of several people. The Bill as finally introduced may bear little resemblance to the original draft. It has in the meantime been discussed, altered and revised over and over again, sometimes by a committee or conference of some of those immediately interested in it, and suggestions and objections duly considered and dealt with. Sometimes the preparation of the draft involves a study of the laws of other countries on the same subject and the preparation of lengthy memoranda and reports on these. Some of our best Acts have been the result of the introduction of a Bill at one session, its withdrawal, distribution during the recess and consideration by a Committee of the House or by a commission of enquiry, followed by its re-introduction, perhaps in a much altered form, and its re-consideration at a subsequent session.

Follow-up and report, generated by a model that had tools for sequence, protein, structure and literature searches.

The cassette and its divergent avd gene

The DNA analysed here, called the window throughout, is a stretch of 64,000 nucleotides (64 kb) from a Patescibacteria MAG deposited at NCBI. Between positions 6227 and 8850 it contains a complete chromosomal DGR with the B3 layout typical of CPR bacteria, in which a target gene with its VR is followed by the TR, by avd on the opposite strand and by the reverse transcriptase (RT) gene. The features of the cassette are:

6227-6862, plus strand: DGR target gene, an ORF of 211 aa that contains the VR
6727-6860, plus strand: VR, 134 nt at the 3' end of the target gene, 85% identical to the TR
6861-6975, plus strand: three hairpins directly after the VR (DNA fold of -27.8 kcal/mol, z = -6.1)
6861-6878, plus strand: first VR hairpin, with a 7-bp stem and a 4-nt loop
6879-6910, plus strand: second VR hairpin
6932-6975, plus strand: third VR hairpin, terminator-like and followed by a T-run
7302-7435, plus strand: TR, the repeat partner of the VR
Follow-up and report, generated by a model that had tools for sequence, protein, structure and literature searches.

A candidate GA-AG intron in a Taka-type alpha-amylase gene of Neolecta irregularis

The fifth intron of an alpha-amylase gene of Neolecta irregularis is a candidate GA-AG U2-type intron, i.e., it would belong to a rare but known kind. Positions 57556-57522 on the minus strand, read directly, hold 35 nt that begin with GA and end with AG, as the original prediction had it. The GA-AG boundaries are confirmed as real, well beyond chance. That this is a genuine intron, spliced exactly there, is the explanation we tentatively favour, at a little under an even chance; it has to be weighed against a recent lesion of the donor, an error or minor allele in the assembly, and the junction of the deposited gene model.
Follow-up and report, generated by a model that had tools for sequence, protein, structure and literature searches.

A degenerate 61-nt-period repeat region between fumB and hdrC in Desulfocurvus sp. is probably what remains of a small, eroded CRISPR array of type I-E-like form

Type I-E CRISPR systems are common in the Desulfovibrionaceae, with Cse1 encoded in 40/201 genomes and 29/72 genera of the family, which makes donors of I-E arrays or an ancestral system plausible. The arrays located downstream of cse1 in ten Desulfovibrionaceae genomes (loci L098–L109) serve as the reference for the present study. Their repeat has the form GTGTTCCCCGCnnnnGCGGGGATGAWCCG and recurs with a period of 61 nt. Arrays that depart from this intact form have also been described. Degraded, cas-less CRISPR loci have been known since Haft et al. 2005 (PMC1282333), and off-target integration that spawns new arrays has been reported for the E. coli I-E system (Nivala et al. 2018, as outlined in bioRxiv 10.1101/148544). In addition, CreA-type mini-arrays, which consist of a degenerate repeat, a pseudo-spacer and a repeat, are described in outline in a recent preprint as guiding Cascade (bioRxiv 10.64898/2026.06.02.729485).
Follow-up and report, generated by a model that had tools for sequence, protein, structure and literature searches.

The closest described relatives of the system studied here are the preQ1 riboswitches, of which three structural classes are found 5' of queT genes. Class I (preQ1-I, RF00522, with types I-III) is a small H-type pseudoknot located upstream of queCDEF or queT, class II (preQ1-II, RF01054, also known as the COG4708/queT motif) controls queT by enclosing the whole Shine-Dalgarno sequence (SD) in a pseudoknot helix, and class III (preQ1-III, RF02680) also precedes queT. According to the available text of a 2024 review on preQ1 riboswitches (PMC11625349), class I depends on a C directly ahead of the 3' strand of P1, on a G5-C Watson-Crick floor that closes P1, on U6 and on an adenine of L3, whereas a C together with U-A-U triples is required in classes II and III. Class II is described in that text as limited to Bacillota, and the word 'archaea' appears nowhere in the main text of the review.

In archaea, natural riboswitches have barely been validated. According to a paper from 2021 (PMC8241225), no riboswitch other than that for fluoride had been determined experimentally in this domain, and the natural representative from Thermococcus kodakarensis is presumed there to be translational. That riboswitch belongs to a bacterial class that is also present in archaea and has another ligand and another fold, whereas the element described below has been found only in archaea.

For many years past there has been a much greater participation than formerly by the general body of members of the Assembly in the discussion of legislation, both in the House and in the Committee. There is no reason why the greater number of Bills should be